Coach Mike Mead

September 2010

Tips for Racing Success

I do not race much anymore since my coaching takes precedence over my personal running and racing. But during my racing days I learned a few things that worked well for me that I would like to pass on to those wanting better racing results.

The first thing I learned about racing was when to eat before racing. For me, I learned to give myself at least five hours between a meal and a race. While racing in high school and college, it was a relative easy way to control my food intact. But when it came to road racing, it was a challenge since most road racing is done before 9 a.m., and it usually meant I went into many races on an empty stomach.

I believe that at least five hours lead time between eating and racing – as well as training – gives one optimum time for food to settle and not interfere with racing effort. I also learned to avoid certain foods, like dairy, meats, fried or greasy foods at least 12 hours before racing.

Another important aspect to successful racing is a good warm-up routine. I usually allowed myself a minimum of 45 minutes before the scheduled gun time for my warm-up. Depending on the weather and race distance, I usually ran for 15-20 minutes at an easy pace, then do some stretches, make a visit to the restroom, get into my racing shoes and get in six or eight strides within five minutes before the start. If a race start lagged behind, I’d continue with some strides off the start line until instructed to get on the line.

I always used my racing shoes strictly for racing. Unless I was breaking in a pair of new racing shoes, I only used them in races, not practice. I usually did not warm-up in my racing shoes until I did my strides. I also always double-tied my shoe laces so that they did not come undone halfway through the race.

Another race tip is do not get on the front line of a race if you cannot average for two miles what race officials may ask what you expect to run for the first mile. For example, if they’re looking for folks who can run five minutes for the first mile, truly you should be able to run 10 minutes for the first two miles. A major road race is no place for average runners on the starting line clogging up the start. However, in a race field of less than 200 runners, one can get away with starting on or near the line as long as you do not interfere with the fast folks.

Speaking of the first mile, do not go out in a blaze of glory in that first leg. You might get away with it in a 5K, but in longer distance races you need to hold back in the first mile. The general rule of thumb is your first mile should be about 10-15 seconds faster than your average mile pace for the entire racing distance.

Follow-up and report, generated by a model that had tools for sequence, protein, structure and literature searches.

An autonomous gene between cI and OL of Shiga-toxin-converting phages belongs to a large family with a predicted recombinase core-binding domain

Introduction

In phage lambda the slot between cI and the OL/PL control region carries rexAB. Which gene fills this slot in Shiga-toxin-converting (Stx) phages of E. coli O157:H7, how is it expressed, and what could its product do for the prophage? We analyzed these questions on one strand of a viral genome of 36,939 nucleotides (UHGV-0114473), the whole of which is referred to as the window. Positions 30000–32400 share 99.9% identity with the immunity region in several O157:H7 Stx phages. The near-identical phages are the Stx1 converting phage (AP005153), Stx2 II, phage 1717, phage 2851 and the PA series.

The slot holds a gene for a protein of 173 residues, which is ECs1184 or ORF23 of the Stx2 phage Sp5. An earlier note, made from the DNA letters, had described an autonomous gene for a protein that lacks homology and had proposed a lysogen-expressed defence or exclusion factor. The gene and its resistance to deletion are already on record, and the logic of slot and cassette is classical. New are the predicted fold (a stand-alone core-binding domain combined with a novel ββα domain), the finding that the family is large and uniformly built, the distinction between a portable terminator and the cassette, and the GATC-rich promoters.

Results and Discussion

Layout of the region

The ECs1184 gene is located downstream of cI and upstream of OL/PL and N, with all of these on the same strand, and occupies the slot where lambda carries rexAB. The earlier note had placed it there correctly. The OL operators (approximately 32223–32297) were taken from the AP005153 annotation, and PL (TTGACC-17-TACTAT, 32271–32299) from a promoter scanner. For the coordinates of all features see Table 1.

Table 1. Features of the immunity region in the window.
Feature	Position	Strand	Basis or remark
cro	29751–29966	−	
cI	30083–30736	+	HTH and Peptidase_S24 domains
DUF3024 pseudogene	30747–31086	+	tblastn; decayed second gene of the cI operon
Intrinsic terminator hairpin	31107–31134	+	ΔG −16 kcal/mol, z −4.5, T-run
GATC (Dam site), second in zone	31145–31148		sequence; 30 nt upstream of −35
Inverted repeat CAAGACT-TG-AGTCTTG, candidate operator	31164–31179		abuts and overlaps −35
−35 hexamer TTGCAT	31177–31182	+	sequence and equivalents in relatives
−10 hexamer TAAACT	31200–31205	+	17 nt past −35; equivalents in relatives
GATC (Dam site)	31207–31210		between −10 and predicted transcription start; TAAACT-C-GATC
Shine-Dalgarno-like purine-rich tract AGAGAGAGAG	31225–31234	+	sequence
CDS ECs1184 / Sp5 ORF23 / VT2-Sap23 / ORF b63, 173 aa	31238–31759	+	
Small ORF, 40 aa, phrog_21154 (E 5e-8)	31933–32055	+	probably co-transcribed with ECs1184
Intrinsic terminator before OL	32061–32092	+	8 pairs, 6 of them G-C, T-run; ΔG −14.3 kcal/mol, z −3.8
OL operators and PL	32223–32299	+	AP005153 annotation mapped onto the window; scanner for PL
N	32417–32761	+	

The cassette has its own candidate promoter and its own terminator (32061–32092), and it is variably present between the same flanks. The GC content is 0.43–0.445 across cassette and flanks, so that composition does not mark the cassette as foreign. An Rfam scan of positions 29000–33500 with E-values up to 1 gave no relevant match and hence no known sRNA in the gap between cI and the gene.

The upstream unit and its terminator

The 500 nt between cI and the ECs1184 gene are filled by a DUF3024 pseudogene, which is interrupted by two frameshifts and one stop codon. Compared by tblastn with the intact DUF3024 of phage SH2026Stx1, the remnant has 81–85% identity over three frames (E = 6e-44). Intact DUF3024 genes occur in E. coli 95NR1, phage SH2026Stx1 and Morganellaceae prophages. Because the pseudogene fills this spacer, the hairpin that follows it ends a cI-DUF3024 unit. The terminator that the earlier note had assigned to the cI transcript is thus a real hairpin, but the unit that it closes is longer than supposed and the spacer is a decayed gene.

Once the field thins out in a race, unless it’s something like the Peachtree Road Race, run the tangents of the course as much as possible. That is, take the most direct route from point-to-point on the course. When you get to turns, take them a little wide as you approach so that you can cut the turn as close and fast as you possibly can.

When you are running with someone for a period of time during a race, it’s best to run directly behind them than beside them. This way you have a better sense of the pace and if it slows, you can work on throwing a surge around your competitor and try moving on to the next one. If you run beside them, you have less sense of the pace. On windy days, running behind a competitor will protect you from the wind until you’re ready to make your move.

When it comes to hilly courses, take the uphills steady and use gravity for the downhills. As you make your approach to the finish line, be sure you do not begin your finishing kick too soon or you’ll run out of gas before the line. With that said, do not start your kick too late or you will not fully capitalize on your effort.

My last tip is downright sneaky and involves a little practice and acting. I believe I used it only once my whole racing life, but it is a little inventive. This works best in the middle of a 10K or longer. If you want to mess with a competitor’s head, get directly behind them and begin breathing like you may not make it to the next mile, let alone the finish line. I’m talking like gasping for your last bit of air! After a mile or so of this, if your competitor doesn’t try leaving you, you should be able to leave them since they want to be as far away from you possible. They’ll wonder, “Am I ever going to shake this wheezer?”

Those are some of the things I’ve learned in my years of racing. I wish you the best on your next racing effort!